Monthly Archives: January 2015

Do You Know Their Story?

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Every day I walk past the photo of mom standing in the ocean. Maybe circa 1950’s early 60’s. Hard to tell exceptJoy at Beach for the bathing suit. Every day I notice the gasped expression and the beautiful red hair. Surely that water was cold and I think it surprised her at the same time.

Mom died a couple of years ago and today as I looked at the picture I realized I didn’t know her beyond being my mom. Who was she with that day at the beach? Was it my dad that took the picture?  At 20 something she was a beauty. I wondered what she did in high school. Sing? Act? Did she go to a prom or help decorate for it, or was she bullied like so many kids are today?

I remember one story. Not sure it was true, but she told me she smoked pot once. Said it made her sick and very sleepy. As her daughter I never asked who she was with, why she tried it or how did she even know where to buy it. After all, mom was from a farm town in Kansas and born in the 30’s. Dust bowl they called it.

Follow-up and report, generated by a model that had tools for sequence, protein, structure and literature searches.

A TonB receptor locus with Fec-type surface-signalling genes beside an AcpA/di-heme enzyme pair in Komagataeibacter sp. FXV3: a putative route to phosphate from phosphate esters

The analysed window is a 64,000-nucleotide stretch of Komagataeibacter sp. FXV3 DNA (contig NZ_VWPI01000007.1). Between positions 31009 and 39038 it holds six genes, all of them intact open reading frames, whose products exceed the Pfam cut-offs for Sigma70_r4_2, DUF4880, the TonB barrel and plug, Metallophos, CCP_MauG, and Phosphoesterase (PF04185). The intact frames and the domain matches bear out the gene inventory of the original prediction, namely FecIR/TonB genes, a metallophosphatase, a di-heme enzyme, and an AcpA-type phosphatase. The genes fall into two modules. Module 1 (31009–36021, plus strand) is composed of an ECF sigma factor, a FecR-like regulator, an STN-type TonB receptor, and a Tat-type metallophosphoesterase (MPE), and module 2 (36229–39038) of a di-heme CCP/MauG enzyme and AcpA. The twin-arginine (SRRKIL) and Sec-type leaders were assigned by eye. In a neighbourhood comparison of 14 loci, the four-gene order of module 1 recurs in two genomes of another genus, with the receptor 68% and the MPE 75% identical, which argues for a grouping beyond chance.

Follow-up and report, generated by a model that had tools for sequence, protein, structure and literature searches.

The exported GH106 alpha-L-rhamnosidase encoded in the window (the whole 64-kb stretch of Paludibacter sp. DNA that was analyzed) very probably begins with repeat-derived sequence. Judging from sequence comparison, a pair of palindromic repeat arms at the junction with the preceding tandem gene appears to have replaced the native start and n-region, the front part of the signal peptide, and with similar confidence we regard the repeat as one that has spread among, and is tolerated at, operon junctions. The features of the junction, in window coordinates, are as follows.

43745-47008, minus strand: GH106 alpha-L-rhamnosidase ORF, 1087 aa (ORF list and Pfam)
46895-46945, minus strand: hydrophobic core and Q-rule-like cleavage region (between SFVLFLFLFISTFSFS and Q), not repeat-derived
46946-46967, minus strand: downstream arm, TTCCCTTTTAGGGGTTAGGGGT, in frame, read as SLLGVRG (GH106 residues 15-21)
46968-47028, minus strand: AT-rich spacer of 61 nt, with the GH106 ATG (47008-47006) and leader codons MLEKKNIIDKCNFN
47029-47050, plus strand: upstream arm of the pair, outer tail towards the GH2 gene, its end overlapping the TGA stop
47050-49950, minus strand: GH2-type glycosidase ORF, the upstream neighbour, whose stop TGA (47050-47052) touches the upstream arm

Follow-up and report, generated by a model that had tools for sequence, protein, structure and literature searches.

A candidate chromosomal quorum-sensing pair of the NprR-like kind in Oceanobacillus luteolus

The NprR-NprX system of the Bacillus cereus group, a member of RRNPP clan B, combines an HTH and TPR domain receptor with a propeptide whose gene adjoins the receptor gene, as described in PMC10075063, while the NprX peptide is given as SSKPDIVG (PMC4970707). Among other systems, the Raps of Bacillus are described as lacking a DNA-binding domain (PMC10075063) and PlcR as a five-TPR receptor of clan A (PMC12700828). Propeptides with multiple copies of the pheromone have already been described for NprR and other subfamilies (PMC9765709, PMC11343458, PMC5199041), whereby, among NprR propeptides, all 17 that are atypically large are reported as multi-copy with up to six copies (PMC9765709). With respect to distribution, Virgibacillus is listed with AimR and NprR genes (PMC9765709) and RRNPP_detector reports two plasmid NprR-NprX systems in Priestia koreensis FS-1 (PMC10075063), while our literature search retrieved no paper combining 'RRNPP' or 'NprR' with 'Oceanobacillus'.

When I was 35, I was on top of the world. Everything was fun, I dated, danced, drank too much, and sailed on a private yacht with some “oil” guys. Did mom do these things too?

As children, we look at our parents as if they have only one life–to take care of us.  Sex, drugs, and rock n roll were not part of their package. Or were they? Now that she’s gone I will never know the story of Joy. I will never know her favorite food, how she learned to drive a car, was she afraid to have intercourse. I will never know the feelings she had when dad gambled all the money away, or what she experienced while she was in the Air Force.

I know my mom, like yours, was great. Sure she beat the hell out of me once or twice, but I loved her. I wish I knew her better though.

Take time to talk to your parents like you talk to your friends. Go through the photos and ask about the story. Share them, write them down. Some day they may not remember, but you will.  You are the keeper of your own story as well as theirs.

And if my daughter is reading this; stop long enough to know that I have a story. Ask me.

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